I can appreciate the concerns. At the same time, I have not found this to be a problem for me. In my own practice, I regularly pray for mixed groups - folks of various faiths and of no faith at all. I find enough Biblical images of God to work with that I don’t feel it a betrayal of my Christian faith if in some circumstances I choose not to pray in the name of Jesus. I have enough trust in my own faith, and in God’s capacity to love and bless those not of my faith, that I don’t feel my integrity is on the line. I am sufficiently convicted of the vulnerability of patients and families, and of my responsibility to think first of their needs and not of my own, that I work for sensitivity, even to the point of restraining myself (which I do not interpret as denying myself or my faith).

That said, I certainly acknowledge that the world has changed. We celebrate diversity and plural cultures in our society (if not always pluralism), forgetting just now recent a development that is. Into the mid 1960’s conformity was the social norm, and those who were different – pretty much all, however they were different – were marginalized, closeted, invisible. We have gone, in religious terms, from seeing this as a Christian nation by default to realizing that, if a majority of our citizens say they believe something, a minority actual lives that out in regular practice and worship, and that includes all traditions. We have discovered that the world we once thought safely across the seas, with all its messy variety, wonderfully exotic in its (distant) place, is now living on our block and shopping in our stores and participating in our politics. There is hope and promise in these changes, I think; but I know there is also loss. And in that loss, while the grieving continues, there will be some who will see their world and themselves in it as fragile, brittle; and in their fear some will even project that on God.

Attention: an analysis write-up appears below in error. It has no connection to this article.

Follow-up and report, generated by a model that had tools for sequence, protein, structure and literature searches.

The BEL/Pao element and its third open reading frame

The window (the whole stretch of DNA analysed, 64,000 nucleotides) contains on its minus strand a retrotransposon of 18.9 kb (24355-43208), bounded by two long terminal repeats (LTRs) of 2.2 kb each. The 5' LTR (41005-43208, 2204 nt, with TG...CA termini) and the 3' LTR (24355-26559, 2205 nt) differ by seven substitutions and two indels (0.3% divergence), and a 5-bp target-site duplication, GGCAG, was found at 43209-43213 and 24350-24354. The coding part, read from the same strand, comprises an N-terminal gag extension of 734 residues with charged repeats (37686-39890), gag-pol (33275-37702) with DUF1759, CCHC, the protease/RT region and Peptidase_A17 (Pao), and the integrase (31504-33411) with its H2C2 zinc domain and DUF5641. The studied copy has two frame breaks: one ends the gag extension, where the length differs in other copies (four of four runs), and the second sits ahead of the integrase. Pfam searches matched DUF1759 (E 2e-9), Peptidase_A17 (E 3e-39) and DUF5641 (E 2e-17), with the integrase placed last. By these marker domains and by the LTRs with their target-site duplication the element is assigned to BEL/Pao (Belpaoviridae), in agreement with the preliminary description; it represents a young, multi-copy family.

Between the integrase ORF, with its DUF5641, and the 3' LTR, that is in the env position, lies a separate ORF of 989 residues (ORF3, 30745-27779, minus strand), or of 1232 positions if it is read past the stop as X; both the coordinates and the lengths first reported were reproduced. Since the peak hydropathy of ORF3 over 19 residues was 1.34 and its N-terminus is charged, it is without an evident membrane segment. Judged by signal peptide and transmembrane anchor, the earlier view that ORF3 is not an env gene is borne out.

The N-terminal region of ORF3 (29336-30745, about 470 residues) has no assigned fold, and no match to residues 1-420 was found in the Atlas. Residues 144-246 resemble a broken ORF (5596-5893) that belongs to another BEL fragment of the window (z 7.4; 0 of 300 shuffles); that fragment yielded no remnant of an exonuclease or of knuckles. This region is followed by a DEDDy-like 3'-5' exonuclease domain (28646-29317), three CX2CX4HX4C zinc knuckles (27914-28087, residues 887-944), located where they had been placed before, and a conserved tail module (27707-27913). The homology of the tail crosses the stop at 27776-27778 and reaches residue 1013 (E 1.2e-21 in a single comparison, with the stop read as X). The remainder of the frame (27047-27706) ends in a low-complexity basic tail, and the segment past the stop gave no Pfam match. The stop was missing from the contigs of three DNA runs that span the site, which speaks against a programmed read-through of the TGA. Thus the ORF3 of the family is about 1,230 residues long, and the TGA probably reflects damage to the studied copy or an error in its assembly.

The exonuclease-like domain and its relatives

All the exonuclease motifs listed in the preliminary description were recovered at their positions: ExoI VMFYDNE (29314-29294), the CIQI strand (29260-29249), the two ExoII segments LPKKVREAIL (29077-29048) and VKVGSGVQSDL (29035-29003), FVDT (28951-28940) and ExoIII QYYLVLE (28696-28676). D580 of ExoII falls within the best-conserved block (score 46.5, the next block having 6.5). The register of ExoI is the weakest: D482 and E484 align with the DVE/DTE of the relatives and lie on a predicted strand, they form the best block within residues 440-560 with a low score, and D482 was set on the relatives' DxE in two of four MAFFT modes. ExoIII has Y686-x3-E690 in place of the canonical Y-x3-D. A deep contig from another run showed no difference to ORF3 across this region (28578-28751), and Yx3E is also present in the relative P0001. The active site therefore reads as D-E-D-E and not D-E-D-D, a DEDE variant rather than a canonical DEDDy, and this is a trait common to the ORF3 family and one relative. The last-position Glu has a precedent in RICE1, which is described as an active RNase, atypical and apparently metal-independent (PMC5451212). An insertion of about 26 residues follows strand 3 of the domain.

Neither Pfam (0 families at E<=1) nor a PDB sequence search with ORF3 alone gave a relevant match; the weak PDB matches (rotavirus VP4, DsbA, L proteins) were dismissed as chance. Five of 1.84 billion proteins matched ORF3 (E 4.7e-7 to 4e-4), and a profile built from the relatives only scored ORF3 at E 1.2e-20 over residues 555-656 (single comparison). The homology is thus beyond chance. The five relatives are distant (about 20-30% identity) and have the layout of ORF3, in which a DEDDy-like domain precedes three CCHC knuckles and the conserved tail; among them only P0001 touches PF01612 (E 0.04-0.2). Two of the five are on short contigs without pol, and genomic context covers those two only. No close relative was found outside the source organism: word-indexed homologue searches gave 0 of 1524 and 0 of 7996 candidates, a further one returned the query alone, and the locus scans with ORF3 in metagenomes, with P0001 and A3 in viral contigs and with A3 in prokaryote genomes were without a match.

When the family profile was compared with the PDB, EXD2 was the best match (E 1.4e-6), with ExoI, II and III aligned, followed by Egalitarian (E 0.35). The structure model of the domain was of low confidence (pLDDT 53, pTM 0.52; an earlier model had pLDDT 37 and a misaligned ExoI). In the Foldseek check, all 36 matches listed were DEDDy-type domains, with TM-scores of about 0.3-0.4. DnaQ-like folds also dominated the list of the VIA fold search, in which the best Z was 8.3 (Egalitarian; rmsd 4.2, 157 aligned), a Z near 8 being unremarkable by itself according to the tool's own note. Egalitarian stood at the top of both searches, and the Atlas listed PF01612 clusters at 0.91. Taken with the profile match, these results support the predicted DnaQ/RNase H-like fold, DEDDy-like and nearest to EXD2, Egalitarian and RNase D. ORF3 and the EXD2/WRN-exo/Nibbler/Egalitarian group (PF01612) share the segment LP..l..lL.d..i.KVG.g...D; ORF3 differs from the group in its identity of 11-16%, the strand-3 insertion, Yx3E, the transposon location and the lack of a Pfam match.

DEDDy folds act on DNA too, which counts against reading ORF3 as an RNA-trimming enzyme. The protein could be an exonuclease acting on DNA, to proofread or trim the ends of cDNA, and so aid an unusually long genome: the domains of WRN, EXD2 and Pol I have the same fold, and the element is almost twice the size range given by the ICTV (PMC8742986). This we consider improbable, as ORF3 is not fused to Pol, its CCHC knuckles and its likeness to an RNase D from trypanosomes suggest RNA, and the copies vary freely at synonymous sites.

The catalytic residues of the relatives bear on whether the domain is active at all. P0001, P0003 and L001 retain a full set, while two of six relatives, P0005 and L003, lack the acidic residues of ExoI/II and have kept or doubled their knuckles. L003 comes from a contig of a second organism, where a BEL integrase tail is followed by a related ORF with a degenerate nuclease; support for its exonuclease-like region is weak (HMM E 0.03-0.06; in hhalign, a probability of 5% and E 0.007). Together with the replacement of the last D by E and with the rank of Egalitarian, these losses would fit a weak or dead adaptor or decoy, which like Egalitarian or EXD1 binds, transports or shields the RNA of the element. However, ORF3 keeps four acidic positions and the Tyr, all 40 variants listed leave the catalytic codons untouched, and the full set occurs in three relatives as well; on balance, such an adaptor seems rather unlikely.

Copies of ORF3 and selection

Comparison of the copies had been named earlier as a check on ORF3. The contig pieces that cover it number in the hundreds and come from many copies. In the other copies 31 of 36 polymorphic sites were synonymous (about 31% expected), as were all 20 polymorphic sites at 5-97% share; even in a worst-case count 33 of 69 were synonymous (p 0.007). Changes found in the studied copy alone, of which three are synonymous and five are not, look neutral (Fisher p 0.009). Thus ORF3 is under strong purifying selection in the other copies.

racerx said...

I can assure you that the context of his reprimand has been taken way out of context. Did the administrator create some unbelievable bulletin board material? You bet, but the intention was to have Mr. Harvey respect other faiths in a group setting. I mean the guy gets paid to pray! But he refused and if the reprimand had been worded correctly, we wouldn't be having this discussion. No one is perfect but the administrator who wrote it has always been an advocate of the Employee, is a Christian, and ALWAYS thinks of others first. Life is ironic but situations like this make us think and that's a good thing.
I hope Mr. Harvey files an EEOC lawsuit so all of his improprieties will become public. And by the way, if Mr. Harvey (he's not much of a chaplain in my opinion and is not a pastor of a church) thinks he is furthering the spirit and the good news of Jesus Christ by "martyring" himself, he isn't. He's just confusing people and using this issue to get his job back. It's not until recently his statement has changed to include the demand of being able to pray in in the name of Jesus Christ. All of the letters that he has published online are all about him. He didn't mention Jesus Christ in any of them. However, I do feel sorry for him that his irrational behavior cost him his job but as you can guess the petition that he had everyone sign to try and get his job back had a request to send donations directly to his house.